Wednesday afternoon also featured another playtest, this time with Paul W and Lisa, giving the new 3-player layout a test. Again it went well (plus I won 3/3 :-) ), so that was really useful too. Wednesday evening Rich tried it out too, he enjoyed it as well, which is a useful barometer as he's not a game geek like the rest of my playtesters.

This afternoon, I finally got to meet the sales guy from the manufacturing company. That was a really useful meeting, I got to enquire about what affected the price (and by how much), show off a couple of prototypes and generally get a lot of my manufacturing questions answered. I've not gone down the professional route before, so I don't know much about it. The more I can find out quickly, the better.

I've also contacted a group who might offer me a grant to help with exporting, on the advice of my small business advisor. They offer grants to do things like visiting potential overseas markets. If I can get an all expenses paid trip to the States to visit distributors that would be awesome!

Monday, April 14

New Website

I've not changed any of the content, just migrated it to PHP, to remove some duplication, making it easier to add new games in the (near!) future. If you get a chance, check out the site and check I've not broken anything!

Sunday, April 13

Games Day

Yeay! 400th post!

I went round to Paul W's this afternoon for a games day. I missed the morning, so I turned up halfway through a very entertaining game of Pirates. Paul's 3-D scenery looked really cool, as did playing on a blue surface, they really set the scene. When they'd finished we got a 4-player game of Network in, which was really useful. I've not actually played it 4-player yet, and it was good to see that it worked as I'd envisaged. I'm thinking of tweaking the scoring a little more, but I'll get a chance to do that on Tuesday (play-testing with Greg, Paul W & Paul G) and then again on Wednesday afternoon (with Paul W). It's so nearly there! We wrapped up with a couple of games of Guillotine, which I love (and recently bought for Paul G for his birthday).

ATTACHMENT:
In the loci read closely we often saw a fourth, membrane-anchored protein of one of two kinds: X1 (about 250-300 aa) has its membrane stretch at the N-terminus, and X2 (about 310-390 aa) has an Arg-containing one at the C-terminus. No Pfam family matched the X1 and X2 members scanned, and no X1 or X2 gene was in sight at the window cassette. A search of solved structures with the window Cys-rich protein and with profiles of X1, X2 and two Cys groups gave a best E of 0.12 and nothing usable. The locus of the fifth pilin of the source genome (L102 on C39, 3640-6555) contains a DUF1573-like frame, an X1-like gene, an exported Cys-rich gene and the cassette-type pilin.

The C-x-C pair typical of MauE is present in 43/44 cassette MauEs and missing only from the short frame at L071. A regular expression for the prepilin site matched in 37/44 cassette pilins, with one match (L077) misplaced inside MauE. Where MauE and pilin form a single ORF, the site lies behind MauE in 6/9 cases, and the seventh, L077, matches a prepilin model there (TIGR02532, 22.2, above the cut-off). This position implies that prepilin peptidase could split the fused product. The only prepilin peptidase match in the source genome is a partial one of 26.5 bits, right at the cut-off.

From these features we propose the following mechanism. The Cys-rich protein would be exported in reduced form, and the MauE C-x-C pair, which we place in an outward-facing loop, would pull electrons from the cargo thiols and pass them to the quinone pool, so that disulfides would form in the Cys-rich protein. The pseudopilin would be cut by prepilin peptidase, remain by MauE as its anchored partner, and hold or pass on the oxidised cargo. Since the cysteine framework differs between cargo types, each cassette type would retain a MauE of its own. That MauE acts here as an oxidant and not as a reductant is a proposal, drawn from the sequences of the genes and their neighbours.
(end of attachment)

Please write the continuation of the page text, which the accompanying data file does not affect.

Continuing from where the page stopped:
It's been a cracking week for It's Alive! too. I sold more copies this week than in the preceding three put together, and the two weeks before were pretty good. If sales continue this well I'll sell out in three weeks! To be honest I doubt the next three weeks will be consistently as good as this one, but it definitely feels like I'm on the finishing straight. If you're after a copy I wouldn't wait too long, they'll be gone soon.

In other news, today is my MS-versary, I was diagnosed a year ago today (on Friday 13th April - how auspicious is that?).